A new evidence-based treatment option for those with severe opioid addiction has been introduced by Interior Health as part of its response to the ongoing overdose crisis.
Injectable Opioid Agonist Treatment (iOAT) is now available through a clinic in Kelowna’s Community Health Services Centre on Doyle Avenue.
“Everyone deserves to be supported in finding their own unique pathway to hope and a pathway to healing. For some people that includes medication-assisted treatments like iOAT,” said mental health and addictions minister Judy Darcy.
“Adding this life-saving treatment option in Kelowna, means more people will be able to find the help they need when they need it.”
People with opioid use disorder are physically dependent on opioids as they experience serious withdrawal symptoms without opioids.
One client who had been awaiting iOAT in Kelowna and has consistently attended the clinic every day since it opened says that after one month, he has discovered “hope for the future”.
“I am able to walk down the street with less anxiety, and what is bigger is that I look back at my life and have empathy for the people that have struggled and experienced pain because of my choices to do what I have had to do just to feel normal. I see so many ways that this can benefit people… and that makes me excited that I can participate in life and think about volunteering and working and that my focus is not solely about how to get my next ‘fix’ just to cope with being alive,” said the iOAT client.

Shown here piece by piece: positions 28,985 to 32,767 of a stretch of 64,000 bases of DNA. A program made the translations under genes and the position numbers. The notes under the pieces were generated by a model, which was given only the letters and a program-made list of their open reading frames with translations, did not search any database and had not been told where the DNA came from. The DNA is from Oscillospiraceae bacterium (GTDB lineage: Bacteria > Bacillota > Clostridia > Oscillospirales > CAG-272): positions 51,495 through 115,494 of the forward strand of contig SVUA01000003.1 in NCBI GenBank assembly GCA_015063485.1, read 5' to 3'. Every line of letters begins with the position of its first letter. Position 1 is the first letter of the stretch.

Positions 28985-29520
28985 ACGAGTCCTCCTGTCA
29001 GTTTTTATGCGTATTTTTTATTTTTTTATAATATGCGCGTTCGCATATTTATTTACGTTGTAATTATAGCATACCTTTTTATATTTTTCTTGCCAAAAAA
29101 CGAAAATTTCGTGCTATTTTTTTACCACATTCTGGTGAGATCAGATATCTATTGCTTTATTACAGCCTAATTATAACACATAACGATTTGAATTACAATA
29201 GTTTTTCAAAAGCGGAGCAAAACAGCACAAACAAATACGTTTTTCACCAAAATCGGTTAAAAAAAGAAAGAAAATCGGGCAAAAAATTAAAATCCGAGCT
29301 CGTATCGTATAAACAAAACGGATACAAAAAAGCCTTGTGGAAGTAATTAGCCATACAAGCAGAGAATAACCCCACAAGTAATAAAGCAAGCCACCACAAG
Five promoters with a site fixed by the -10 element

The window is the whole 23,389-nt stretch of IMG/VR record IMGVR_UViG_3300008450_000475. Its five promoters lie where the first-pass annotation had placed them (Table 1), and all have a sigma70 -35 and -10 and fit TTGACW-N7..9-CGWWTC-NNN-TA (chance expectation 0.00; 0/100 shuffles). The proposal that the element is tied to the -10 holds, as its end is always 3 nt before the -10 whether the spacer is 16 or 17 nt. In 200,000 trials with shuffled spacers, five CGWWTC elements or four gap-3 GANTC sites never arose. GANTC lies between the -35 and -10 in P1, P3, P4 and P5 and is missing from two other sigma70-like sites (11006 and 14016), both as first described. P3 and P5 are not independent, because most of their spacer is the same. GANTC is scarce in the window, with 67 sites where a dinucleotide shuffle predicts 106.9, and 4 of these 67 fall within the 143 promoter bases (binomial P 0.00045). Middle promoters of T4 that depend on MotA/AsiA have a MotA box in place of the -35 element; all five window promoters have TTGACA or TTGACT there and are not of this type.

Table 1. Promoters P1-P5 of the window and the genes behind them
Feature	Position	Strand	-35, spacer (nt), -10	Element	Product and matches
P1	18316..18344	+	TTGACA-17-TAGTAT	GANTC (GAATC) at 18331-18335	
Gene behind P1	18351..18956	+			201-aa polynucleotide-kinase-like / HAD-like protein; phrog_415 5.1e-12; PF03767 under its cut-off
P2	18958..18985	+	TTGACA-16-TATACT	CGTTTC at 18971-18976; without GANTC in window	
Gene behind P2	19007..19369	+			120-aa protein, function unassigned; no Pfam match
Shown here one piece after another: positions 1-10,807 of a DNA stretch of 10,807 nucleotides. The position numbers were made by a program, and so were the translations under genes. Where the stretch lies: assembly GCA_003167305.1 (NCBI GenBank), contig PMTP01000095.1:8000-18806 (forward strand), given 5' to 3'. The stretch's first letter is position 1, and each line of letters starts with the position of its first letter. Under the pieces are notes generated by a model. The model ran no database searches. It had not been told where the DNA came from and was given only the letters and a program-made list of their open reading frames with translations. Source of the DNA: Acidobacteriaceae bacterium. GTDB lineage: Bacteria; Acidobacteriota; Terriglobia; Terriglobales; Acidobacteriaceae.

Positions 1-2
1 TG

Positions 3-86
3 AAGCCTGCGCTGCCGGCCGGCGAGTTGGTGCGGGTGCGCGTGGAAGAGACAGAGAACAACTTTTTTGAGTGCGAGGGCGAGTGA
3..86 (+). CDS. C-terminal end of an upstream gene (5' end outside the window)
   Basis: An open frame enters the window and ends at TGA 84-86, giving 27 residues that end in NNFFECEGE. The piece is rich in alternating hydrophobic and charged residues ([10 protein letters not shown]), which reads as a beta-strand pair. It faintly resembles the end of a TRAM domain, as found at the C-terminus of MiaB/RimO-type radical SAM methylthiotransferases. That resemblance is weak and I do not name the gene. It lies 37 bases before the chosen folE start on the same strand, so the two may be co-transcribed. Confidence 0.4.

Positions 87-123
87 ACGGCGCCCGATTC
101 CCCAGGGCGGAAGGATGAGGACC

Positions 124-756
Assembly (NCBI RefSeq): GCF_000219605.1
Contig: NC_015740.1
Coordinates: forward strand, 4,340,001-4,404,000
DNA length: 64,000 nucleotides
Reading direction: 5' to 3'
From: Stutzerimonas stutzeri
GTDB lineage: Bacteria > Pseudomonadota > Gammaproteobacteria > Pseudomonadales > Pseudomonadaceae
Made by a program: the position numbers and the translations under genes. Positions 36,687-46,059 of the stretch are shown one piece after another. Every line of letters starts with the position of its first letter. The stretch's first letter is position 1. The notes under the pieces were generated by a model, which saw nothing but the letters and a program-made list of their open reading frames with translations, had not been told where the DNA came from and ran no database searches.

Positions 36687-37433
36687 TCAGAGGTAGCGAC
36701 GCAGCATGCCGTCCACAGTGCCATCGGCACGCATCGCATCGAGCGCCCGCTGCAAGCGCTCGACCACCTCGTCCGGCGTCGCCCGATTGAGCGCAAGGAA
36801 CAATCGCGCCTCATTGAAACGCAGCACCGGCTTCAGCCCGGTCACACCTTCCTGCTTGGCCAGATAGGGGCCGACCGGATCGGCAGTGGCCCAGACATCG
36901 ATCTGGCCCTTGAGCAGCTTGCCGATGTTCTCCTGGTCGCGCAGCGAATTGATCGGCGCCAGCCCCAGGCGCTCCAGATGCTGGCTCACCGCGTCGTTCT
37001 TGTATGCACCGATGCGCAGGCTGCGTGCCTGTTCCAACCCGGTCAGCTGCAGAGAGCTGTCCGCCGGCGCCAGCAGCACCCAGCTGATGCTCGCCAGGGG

While oral OAT, which uses medications like methadone and suboxone to manage withdrawal symptoms, is an effective treatment for many people with opioid use disorder, it does not work for everyone. Injectable OAT offers an evidence-based alternative that has long been recognized as a successful second line of treatment for opioid use disorder.
It has been available in Vancouver since 2012 and in Fraser Health since 2018.
Through engagement in this program, this client has felt empowered by his success in changing his routine and advocating for the health of people who use drugs, proving to himself that he can take on more responsibilities.
“I wish that this program was available 10 years ago, because knowing how I am feeling now, I think I could have gone back to school, I could be working full time, I could have even been in a relationship, and less people would have suffered because of me doing what I needed to do just to feel normal,” he said.
The iOAT service augments the oral Opioid Agonist Treatment clinic, which recently expanded to provide walk-in, same day access to physicians, nurses and social program officers as well as weekend and evening hours.
Services also include support around substance use, mental health, harm reduction, access to primary care and psychosocial supports.
“This is a safe approach for those who have not had success with other treatment options,” said Interior Health board chair Doug Cochrane.
“Treatment options available at the clinic in the Community Health Services Center help people stabilize physically, while offering the opportunity for staff to engage with clients, providing important service referrals and connections for treatment. These services offer hope to people who otherwise feel hopeless.”
Increased access to Opioid Agonist Treatment is one aspect of the overdose crisis response. More information on Interior Health’s treatment programs can be found at interiorhealth.ca.
To report a typo, email: